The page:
ter­roir, in ad­di­tion to the most el­e­gant grape va­ri­eties. My brother Amaury has al­ways been pas­sion­ate about wines since he was a child. I would say that the three of us are dif­fer­ent but we have a com­mon vi­sion of where we want to go next and how we go there. All im­por­tant de­ci­sions are taken to­gether,” she elab­o­rates. “We are in­ter­change­able be­cause we be­lieve that nowa­days, you need to be a mul­ti­task­ing Swiss Army knife. I must add that we are sur­rounded by a fan­tas­tic and mo­ti­vated team.” On com­mer­cial ac­tiv­ity, Amaury han­dles the French (ex­cept Paris) and Amer­i­can mar­kets, while Aurore han­dles the Parisian and Asian mar­kets.

Busi­ness looks a lit­tle dif­fer­ent these days. “I usu­ally spend a reg­u­lar week be­tween Bur­gundy and Paris, which is a very strate­gic place in our busi­ness as it rep­re­sents half of our do­mes­tic turnover. I travel quite of­ten to Asia to look af­ter the mar­kets there. Since mid-march, life has been dif­fer­ent. Paris’ restau­rants and wine shops were closed for three months till June, and it will be long be­fore busi­ness gets back to nor­mal. There­fore, I have spent all my time in Bur­gundy in­stead, sup­port­ing the vine­yard teams and try­ing to rein­vent the busi­ness. I re­main a very op­ti­mistic per­son and hope that this sur­re­al­is­tic time will make the whole world change and be just that much bet­ter,” she shares.

For fam­i­lies in Bur­gundy, wine isn’t just a busi­ness. It’s a cul­tural, moral and pat­ri­mo­nial her­itage, a “won­der­ful present” that gives her the re­spon­si­bil­ity to trans­fer the val­ues, know-how and en­gage­ment to the next gen­er­a­tion. “My chil­dren are 22, 20 and 15 years old. They are in­ter­ested in wines and like to taste, but still too young to know what they want to do later. I would rec­om­mend them to work in other lines of busi­nesses to start their ca­reers in or­der to de­velop their skills, per­spec­tives and open­ness. This is key be­fore join­ing a fam­ily busi­ness,” Aurore be­lieves.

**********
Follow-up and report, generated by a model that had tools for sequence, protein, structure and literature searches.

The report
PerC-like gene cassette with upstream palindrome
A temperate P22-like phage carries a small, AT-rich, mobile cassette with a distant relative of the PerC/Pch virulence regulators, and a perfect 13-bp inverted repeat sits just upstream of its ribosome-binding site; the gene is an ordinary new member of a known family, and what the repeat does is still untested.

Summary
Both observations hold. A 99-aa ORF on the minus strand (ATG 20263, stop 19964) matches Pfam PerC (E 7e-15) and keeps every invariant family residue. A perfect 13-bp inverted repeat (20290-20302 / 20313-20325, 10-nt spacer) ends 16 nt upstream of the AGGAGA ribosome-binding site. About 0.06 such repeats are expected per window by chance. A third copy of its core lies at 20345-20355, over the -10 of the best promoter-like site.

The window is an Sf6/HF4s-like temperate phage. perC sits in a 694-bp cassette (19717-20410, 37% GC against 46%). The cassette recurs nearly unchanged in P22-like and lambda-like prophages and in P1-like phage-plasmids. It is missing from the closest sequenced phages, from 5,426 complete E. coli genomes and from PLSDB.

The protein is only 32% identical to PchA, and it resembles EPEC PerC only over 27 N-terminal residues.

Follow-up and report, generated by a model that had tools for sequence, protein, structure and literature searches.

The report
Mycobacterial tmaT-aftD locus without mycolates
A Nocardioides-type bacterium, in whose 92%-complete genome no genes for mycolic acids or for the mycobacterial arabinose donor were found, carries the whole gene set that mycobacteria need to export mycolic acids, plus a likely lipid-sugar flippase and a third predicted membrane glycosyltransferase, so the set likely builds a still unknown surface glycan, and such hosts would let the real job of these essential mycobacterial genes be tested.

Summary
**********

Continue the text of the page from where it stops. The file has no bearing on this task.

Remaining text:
DO­MAINE DE LA FERTE GIVRY 2017 Grape: 100% Pinot Noir Taste: The es­tate was once farmed by monks from the Abbey of Citeaux in 1170, and to­day ex­tends 3 hectares planted only to Pinot Noir. The most ap­proach­able is this Givry, which is medium-bod­ied and gen­er­ously fruity, with lin­ger­ing notes of smoke and spice. Drink now.

DO­MAINE DES PER­DRIX VOSNE ROMANEE 2016 Grape: 100% Pinot Noir Taste: More pre­ci­sion wine­mak­ing has led to a Pinot Noir with cas­sis and sub­tle spice notes, with­out los­ing its power and rich­ness. Tan­nins are ripe and soft, ef­fected by age­ing in 18 months in traditiona­l Bur­gundy bar­rels, mar­ried well for bal­ance and silky length.



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